The Curioseum – creating a curious collection!
Several years ago I had this idea – that you could ask a bunch of very good writers to Te Papa, show them around some of the weird stuff in the museum collections, then ask them to write an entirely fictional piece around one object that they chose. Working at Te Papa, I knew some of the really strange objects hidden away in the back. When I finally took this idea to Claire Murdoch, publisher at Te Papa Press, she’d had exactly the same idea! So clearly its time had come.
The project was a collaboration between the Whitireia Creative Writing Programme and Te Papa Press. I was working for both institutions – which was very helpful! – but for this project I was wearing my Whitireia hat.
We wanted the writers to be a diverse and surprising group, a mix of poets, script writers, journalists, graphic novelists – some well-known as children’s writers, and some not known as children’s writers at all. We invited them all to the museum, they spent the day with collection managers and curators looking around some of the collections – then off they went to write a fantastical or funny or clever or serious piece for 8-12 year olds.
I was the editor for this book, and this is when the real work started! It was a big editing job. If you don’t normally write for children, it might take a lot of rewriting to hammer your great idea into shape for that age group. And we were discovering how to make this totally new concept work. But working with this good-humoured, patient, professional group of writers was a great pleasure – though I’m sure rolled their eyes at me once or twice!
And in the end it all came together. Sarah Laing’s whimsical illustrations knitted these very diverse pieces into a unified whole, and we launched it in March 2014 with readings, writing workshops for kids, and a museum sleepover. How lucky to be part of a project like this. And I like to think that kids will read it and look at their local museum with entirely new eyes – like, where could that hat or piece of rock really have come from?
How come I ended up co-writing a cookbook? Well, I had known Abdel El Adraoui and his wife Zahra for a long time. Abdel is the owner/chef of the Marrakech Café in Evans Bay, Wellington, and he’d been talking for a few years about writing a Moroccan cookbook, so finally I said let’s do it. The idea from the start was to do a cookbook for New Zealanders who love Moroccan food, and want to cook simply and shop in their local supermarket (only one ingredient in the book can’t be found in a supermarket).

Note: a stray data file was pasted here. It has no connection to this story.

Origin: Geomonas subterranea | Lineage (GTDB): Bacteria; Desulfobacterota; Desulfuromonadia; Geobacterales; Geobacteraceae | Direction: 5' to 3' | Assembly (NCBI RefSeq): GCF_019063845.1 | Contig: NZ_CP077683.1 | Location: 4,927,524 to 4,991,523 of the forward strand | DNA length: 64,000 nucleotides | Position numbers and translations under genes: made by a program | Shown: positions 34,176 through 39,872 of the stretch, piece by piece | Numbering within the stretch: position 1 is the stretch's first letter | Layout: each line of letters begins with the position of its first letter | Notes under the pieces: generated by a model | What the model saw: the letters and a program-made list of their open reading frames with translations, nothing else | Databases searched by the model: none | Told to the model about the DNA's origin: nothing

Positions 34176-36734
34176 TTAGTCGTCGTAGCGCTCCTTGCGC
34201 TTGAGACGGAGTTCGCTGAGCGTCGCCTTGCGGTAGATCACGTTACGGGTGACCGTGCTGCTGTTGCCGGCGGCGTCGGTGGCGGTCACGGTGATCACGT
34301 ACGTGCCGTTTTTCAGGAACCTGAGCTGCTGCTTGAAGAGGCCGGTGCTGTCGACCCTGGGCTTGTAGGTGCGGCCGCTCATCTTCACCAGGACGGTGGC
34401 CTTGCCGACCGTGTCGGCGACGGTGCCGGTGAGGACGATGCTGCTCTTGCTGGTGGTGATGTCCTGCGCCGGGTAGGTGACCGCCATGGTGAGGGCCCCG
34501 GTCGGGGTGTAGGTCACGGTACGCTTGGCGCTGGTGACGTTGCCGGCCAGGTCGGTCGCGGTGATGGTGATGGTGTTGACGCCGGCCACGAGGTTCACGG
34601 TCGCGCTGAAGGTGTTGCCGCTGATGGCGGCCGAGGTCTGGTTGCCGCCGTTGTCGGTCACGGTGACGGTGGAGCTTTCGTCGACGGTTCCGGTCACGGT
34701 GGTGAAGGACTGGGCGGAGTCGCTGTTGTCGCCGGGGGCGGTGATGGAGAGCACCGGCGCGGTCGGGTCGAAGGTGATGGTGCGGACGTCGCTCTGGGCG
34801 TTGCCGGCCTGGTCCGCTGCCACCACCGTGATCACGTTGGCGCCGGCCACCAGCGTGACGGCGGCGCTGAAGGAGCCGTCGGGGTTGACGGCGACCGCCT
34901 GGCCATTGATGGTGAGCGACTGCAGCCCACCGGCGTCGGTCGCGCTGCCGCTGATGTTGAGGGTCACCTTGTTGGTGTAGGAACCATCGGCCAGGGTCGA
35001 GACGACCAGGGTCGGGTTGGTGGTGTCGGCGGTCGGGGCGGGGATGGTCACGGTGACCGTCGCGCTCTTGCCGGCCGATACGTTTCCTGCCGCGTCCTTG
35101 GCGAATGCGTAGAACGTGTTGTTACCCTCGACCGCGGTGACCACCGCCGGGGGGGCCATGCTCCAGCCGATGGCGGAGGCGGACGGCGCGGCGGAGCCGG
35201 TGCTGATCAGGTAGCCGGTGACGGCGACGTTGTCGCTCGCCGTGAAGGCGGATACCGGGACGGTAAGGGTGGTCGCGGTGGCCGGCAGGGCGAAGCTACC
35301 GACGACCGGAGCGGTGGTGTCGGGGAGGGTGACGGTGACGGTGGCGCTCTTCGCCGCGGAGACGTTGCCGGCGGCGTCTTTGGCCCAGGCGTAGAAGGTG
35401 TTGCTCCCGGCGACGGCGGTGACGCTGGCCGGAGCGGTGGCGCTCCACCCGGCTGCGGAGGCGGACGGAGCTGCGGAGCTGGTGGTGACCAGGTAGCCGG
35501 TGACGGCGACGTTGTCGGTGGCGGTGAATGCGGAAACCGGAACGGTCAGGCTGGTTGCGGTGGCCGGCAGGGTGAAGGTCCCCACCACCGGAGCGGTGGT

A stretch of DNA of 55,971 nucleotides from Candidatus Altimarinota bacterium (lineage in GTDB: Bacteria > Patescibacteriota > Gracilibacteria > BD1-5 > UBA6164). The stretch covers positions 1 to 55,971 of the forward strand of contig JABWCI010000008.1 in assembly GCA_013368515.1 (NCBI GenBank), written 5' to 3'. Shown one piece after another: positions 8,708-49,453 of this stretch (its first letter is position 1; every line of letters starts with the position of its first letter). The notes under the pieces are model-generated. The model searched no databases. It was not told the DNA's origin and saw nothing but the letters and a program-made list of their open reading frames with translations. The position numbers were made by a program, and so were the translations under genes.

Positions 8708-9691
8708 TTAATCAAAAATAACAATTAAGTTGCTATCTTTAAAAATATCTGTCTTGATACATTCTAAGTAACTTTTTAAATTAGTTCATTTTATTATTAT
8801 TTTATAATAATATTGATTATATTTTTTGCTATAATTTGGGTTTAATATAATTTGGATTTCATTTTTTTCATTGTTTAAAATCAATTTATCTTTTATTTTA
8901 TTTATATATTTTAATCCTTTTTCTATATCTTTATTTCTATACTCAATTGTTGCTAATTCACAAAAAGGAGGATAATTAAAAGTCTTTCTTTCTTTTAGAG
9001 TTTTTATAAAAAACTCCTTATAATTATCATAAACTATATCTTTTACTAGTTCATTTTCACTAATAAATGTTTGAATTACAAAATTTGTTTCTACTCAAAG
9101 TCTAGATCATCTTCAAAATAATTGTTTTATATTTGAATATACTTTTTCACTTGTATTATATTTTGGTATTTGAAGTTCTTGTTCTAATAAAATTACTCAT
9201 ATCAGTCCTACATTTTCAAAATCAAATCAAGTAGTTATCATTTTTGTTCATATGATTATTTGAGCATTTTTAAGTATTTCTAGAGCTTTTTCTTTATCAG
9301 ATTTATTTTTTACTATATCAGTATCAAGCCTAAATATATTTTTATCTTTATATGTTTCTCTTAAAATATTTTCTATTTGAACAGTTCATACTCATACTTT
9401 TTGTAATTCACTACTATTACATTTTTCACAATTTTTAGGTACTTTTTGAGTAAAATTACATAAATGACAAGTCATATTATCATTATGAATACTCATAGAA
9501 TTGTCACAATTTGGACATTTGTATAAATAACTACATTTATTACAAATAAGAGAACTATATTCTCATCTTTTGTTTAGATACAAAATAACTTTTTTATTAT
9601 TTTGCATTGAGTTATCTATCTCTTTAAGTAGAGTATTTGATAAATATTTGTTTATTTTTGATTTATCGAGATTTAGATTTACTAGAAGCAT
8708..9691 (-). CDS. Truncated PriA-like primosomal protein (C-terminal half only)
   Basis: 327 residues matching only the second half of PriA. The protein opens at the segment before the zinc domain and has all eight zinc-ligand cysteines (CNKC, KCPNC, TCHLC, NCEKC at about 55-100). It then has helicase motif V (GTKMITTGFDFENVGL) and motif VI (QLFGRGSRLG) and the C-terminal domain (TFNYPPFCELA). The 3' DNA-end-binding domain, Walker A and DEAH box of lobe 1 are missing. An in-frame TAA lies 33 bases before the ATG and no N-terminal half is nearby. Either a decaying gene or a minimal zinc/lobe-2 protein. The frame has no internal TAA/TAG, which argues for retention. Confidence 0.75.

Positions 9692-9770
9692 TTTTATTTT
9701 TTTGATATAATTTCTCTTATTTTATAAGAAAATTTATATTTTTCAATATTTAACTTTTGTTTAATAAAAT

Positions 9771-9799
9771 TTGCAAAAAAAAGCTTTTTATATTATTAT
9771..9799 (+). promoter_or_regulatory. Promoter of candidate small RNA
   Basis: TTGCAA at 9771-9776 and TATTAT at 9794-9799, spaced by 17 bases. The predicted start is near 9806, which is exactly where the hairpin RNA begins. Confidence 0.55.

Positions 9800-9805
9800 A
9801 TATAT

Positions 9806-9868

I thought we’d take the idea to a publisher, but after I had a long talk with a publisher we decided we could do it ourselves. At the beginning of 2013 we assembled a great team. Kate Whitley offered to do the photographs (you just have to open the book to see what a fine photographer she is), Anna Brown was the book designer (just open the book to see her wonderful design) and a group of students from the excellent Publishing Programme at Whitireia Polytechnic did the book production.
It’s one thing to cook out of your head for a café – it’s another thing to get all those recipes down in writing, for 4 or 6 people. We all cooked the recipes, trying quantities, cooking times etc, so that every recipe would reproduce Abdel’s great cooking. The idea was also to include small personal stories, so there were those stories to collect.
The publishing team not only oversaw the book production, but they were great marketers. Abdel had 500 copies printed, and in 3 months he had sold out and reordered another 500.
I think we all learnt what a lot of work a cookbook is, and we all love the end result. We celebrated with lunch at the café – of course! If you haven’t been to the Marrakech Café, you really should go, and once you’ve eaten the food there you’ll just have to buy the book. Or buy the book anyway! www.marrakechcafe.co.nz
In 2011–2012, I worked with Samson Sahele on his collection of poems. Samson is a poet, journalist, teacher, and refugee advocate. He came to New Zealand from Ethiopia in 2000 and works for the Wellington Refugees as Survivors Trust.